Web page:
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29 Jan 2024

What Makes A Great Leader?

River + Green Stand: 303
What Makes A Great Leader?

How do you define a leader? By the time most of us hit 30, we’ve encountered enough coaches, parents, and bosses where we could identify characteristics of “good leaders” and “bad leaders.” Despite this widespread acknowledgement of the importance of effective leadership, a staggering 82% of US workers agreed that their boss lacked leadership skills (Gallup).

In 2020, a SHRM survey found that 84% of US workers say that their bosses create “unnecessary work and stress.” Alarmingly, 60% of people have left their jobs because of their leader, and an additional 32% state they have considered it.

So, again, given the emphasis on leadership, why do so many people still struggle with it? For one, we often have such bad examples, coupled with outdated perspectives on leadership.

I am not a leadership “expert.” While I have led diverse, global teams, I have often gotten it wrong in leading those teams. And in part, that’s why I can talk about good leadership. I know I don’t have all the answers, and I’m okay saying to my team, “look, I made a mistake or I missed that one.” This vulnerability is one of the key qualities of conscious leadership.

For me, conscious leadership gets to the root of our humanity, allowing us to not just lead from our intellect, but create a more holistic approach to our work. Put another way, conscious leadership combines the head and the heart to lead better teams (when I talk about teams, I mean at work, on the court, or in our families).

 

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Organizations that focus on leadership and culture as drivers of performance are 220% more likely to meet their financial targets and 540% more effective at recruiting top people (Bersin, 2021). Yet, 90% of leadership development has no clear business impact (McKinsey, 2017).

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We begin our work with leaders focused on self awareness. Consistently, this gap between the leaders perspective of their skills and that of those they lead is very wide, and getting wider. Without a strong foundation of self awareness, it’s very difficult to build a conscious leadership approach.

As we continue to peel back the onion on ourselves, we get to a place where we can lead with strength by leading with compassion. While many may say, “hang on, compassion and strength don’t belong in the same sentence,” these characteristics aren’t a sign of weakness, but in fact, a sign of great solidity. When people feel seen and valued, there is increased productivity, greater employee wellbeing, improved retention, and higher customer satisfaction. Being a compassionate leader drives bottom line business success. Period.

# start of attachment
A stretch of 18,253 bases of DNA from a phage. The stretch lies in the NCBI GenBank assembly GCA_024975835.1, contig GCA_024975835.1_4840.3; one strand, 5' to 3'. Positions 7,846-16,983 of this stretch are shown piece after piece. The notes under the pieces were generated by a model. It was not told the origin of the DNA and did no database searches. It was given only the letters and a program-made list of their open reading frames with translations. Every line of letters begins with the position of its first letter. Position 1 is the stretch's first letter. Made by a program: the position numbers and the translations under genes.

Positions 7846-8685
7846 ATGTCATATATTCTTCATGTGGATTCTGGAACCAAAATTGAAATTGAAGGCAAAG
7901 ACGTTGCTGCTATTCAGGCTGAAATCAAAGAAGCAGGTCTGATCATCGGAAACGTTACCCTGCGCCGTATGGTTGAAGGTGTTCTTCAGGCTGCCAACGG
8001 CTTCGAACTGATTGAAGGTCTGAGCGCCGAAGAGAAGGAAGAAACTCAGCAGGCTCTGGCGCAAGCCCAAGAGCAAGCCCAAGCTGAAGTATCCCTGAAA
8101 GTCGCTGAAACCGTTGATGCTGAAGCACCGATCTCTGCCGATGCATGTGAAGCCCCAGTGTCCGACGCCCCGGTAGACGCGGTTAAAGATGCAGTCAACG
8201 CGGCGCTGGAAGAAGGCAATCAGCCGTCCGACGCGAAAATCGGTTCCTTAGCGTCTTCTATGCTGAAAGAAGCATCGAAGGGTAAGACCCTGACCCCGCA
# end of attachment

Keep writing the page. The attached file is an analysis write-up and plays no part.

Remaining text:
Many leaders initially struggle with the concept of conscious leadership, or human centered leadership, in practice. This is, in part, because human nature often swings the pendulum from one extreme to the next; from toxic environments to an environment where anything goes. Conscious leadership isn’t “soft” and doesn’t lack expectations or accountability. Just the opposite in fact. When leaders develop their teams from a growth mindset, embracing inclusivity, with clear communication and feedback, then everyone understands the vision, and their place in it.

Let’s be very clear. Being a great leader, or even an average leader, is challenging. When you are in a leadership position, you have to make decisions everyday that impact the lives of others. In fact, a recent Forbes study suggests that nearly 70% of people say their managers have more impact on their mental health than their therapist or doctor, and equal to their spouse or partner. In the same study, 43% of employees report they are exhausted and 78% say stress negatively impacts their work performance. I don’t think people want to be poor leaders, negatively impacting the mental health of those they lead, but that is so often the case. We have a responsibility to ourselves, to our teams, to our families, and to our organizations, to find better ways to do this. Fortunately, we don’t have to recreate the wheel. We just have to be dedicated to learning, growing, and putting into practice new strategies and approaches that have a positive impact on all aspects of our lives and businesses. That sounds like a win-win-win to me.

 

Nick Reich is the Founder of River + Green, a coaching and consulting firm dedicated to meeting you at the intersection of where you are + where you want to be. Visit us at www.river-green.co or at Booth 303 this year's The Business Show, Miami.

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